Mailers recently sent by the U.S Postal Service (USPS) make two incorrect recommendations to Nevada voters, including direction to request a mail-in ballot at least 15 days before Election Day and to add a postage stamp.
Secretary of State Barbara Cegavske responded to the mailers in a press release to clarify the inaccuracies.
“Pursuant to Assembly Bill 4 recently passed by the Nevada Legislature and signed by Governor Sisolak, all active registered voters in Nevada will automatically receive a mail-in ballot for the 2020 general election,” Cegavske said. “Voters who wish to vote by mail do not need to request a mail-in or absentee ballot this year. Additionally, all ballot return envelopes are postage prepaid, meaning voters do not need to add any postage to their ballot return envelope in order to vote by mail.”
The mailer’s final recommendation to “mail your ballot at least 7 days before Election Day,” is also misleading because the official Nevada voting process legislation states ballots will be accepted as long as they are returned and postmarked by Nov. 3 and received by an election clerk no later than seven days later.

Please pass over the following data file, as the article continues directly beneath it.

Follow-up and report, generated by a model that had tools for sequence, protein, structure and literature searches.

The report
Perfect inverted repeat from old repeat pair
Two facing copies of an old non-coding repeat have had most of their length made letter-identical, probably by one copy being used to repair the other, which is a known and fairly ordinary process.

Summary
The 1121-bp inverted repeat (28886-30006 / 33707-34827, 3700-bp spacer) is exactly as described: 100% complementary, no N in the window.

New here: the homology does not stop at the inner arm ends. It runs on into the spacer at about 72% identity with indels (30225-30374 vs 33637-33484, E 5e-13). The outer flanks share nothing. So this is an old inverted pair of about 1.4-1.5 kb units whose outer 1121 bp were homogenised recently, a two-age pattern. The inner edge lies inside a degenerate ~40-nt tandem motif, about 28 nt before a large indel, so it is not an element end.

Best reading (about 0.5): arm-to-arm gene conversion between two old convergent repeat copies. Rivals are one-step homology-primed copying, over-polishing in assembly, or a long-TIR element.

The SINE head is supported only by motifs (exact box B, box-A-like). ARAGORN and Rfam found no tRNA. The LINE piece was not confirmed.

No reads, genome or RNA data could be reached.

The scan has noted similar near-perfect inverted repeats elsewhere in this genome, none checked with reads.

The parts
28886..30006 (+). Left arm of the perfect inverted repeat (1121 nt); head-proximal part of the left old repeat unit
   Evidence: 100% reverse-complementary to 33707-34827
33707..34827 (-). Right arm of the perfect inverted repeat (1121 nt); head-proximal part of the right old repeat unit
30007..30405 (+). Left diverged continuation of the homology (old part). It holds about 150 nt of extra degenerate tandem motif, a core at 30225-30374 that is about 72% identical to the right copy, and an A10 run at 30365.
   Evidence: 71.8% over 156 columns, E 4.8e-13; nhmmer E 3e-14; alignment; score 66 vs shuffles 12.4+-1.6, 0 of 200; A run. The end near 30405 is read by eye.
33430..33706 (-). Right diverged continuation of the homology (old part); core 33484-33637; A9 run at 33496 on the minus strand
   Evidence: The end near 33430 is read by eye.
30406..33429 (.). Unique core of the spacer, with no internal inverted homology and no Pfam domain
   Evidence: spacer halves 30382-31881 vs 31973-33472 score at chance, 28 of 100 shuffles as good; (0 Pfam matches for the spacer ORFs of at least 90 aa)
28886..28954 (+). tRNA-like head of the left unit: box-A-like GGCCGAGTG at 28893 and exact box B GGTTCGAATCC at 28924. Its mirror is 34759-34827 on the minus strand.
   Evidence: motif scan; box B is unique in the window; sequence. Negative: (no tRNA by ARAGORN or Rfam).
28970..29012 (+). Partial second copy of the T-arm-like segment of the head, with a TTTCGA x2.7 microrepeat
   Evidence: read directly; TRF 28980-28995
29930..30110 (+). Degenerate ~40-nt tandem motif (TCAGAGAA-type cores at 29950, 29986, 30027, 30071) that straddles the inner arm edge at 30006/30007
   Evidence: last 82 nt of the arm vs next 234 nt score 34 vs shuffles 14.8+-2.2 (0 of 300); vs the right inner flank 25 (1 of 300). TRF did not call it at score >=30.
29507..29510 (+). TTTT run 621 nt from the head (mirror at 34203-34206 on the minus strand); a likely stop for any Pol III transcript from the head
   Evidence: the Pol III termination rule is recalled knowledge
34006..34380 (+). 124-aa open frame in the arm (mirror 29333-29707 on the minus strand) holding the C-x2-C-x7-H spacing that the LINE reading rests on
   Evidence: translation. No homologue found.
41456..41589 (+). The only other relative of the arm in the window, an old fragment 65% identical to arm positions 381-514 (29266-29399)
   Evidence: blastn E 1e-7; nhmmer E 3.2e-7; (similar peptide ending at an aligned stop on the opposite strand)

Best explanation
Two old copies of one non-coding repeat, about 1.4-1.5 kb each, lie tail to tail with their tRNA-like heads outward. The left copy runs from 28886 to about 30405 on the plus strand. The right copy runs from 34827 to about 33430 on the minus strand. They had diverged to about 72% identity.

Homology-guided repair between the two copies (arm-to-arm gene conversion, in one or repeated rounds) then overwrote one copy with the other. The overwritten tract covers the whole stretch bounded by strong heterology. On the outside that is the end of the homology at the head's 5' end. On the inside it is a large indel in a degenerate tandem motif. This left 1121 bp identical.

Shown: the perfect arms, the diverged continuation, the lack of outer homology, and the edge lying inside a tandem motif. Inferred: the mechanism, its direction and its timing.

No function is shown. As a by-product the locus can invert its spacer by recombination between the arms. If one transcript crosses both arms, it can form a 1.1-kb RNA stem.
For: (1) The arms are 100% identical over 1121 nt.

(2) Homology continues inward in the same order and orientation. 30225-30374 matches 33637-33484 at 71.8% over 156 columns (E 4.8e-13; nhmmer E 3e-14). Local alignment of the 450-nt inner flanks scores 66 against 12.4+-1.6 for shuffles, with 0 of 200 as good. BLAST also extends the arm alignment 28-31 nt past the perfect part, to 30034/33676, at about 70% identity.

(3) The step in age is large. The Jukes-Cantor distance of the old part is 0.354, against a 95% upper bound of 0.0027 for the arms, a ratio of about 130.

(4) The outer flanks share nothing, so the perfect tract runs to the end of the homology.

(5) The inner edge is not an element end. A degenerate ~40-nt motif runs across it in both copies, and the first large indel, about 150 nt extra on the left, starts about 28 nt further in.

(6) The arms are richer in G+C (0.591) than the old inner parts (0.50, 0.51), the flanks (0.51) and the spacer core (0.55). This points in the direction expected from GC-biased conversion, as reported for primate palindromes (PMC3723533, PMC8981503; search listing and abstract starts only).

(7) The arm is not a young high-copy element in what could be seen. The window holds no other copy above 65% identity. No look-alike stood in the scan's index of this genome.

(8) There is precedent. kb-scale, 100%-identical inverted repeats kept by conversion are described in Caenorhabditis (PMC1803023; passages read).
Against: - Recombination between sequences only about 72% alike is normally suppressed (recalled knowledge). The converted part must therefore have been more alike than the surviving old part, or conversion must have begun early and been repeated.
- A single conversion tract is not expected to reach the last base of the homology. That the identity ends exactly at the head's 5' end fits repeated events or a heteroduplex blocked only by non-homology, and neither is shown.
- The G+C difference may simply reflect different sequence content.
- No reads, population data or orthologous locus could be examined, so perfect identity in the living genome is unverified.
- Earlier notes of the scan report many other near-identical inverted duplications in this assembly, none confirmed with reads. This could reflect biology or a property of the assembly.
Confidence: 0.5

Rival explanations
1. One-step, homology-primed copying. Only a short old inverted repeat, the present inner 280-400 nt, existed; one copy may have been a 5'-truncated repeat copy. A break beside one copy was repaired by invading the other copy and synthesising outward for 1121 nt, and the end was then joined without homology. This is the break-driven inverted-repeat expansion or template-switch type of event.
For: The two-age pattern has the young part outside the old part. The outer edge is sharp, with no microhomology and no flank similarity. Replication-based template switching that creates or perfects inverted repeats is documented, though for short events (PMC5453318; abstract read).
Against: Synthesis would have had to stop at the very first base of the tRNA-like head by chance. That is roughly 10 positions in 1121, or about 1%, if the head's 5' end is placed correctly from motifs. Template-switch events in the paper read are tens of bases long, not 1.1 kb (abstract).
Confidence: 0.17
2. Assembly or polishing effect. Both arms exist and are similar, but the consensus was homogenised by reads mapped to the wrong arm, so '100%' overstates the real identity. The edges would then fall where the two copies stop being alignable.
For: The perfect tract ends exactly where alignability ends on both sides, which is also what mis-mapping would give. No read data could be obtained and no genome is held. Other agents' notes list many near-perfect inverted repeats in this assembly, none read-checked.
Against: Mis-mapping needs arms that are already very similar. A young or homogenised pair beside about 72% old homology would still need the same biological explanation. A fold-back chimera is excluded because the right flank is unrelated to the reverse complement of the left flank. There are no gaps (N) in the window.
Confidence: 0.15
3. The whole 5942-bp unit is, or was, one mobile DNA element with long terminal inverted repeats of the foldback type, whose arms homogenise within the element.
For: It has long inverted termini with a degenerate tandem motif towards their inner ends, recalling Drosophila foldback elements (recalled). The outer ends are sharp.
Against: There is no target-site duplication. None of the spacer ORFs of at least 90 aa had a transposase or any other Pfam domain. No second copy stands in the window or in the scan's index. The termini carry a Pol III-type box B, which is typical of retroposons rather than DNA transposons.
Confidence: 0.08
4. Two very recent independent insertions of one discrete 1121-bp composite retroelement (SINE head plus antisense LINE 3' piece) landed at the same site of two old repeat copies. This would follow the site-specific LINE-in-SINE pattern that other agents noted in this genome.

Cegavske encouraged voters to seek trusted sources for voting information ahead of the general election, such as the secretary of state’s office or local county election offices after explaining her office was not involved with the USPS mailers.
“The Secretary of State’s office was not made aware of the USPS postcard prior to it being mailed, nor was the office asked to provide input regarding the recommendations listed on the postcard,” she said in the release.
The voting mailers with incorrect information have frustrated state officials across the country. A federal judge ordered a halt of distribution of the mailers in Colorado the weekend before last after Secretary of State Jena Griswold filed a lawsuit against USPS. The temporary restraining order was in effect through Sept. 22.
Griswold called the mailers “suspect” amid President Trump’s “pattern of voter suppression” in an interview with CNN.
The Postal Service responded to the lawsuit by defending the voting mailer as providing “general, all-purpose guidance on the use of the mail, and not guidance on state election rules,” in a statement to The Colorado Sun.
Nevadans can expect their ballots to be mailed no later than Oct. 14, or 20 days prior to the election, as outlined in election procedure measure AB4 passed in the July legislative special session. Ballots for military or overseas voters must be sent 45 days before the election and ballots for out of state voters registered in Nevada must be sent 40 days prior.
Voters can also vote in person if they prefer, as all counties in Nevada are required to have at least one polling location open on Election Day.
This story was originally published on The Nevada Independent website on September 14, 2020.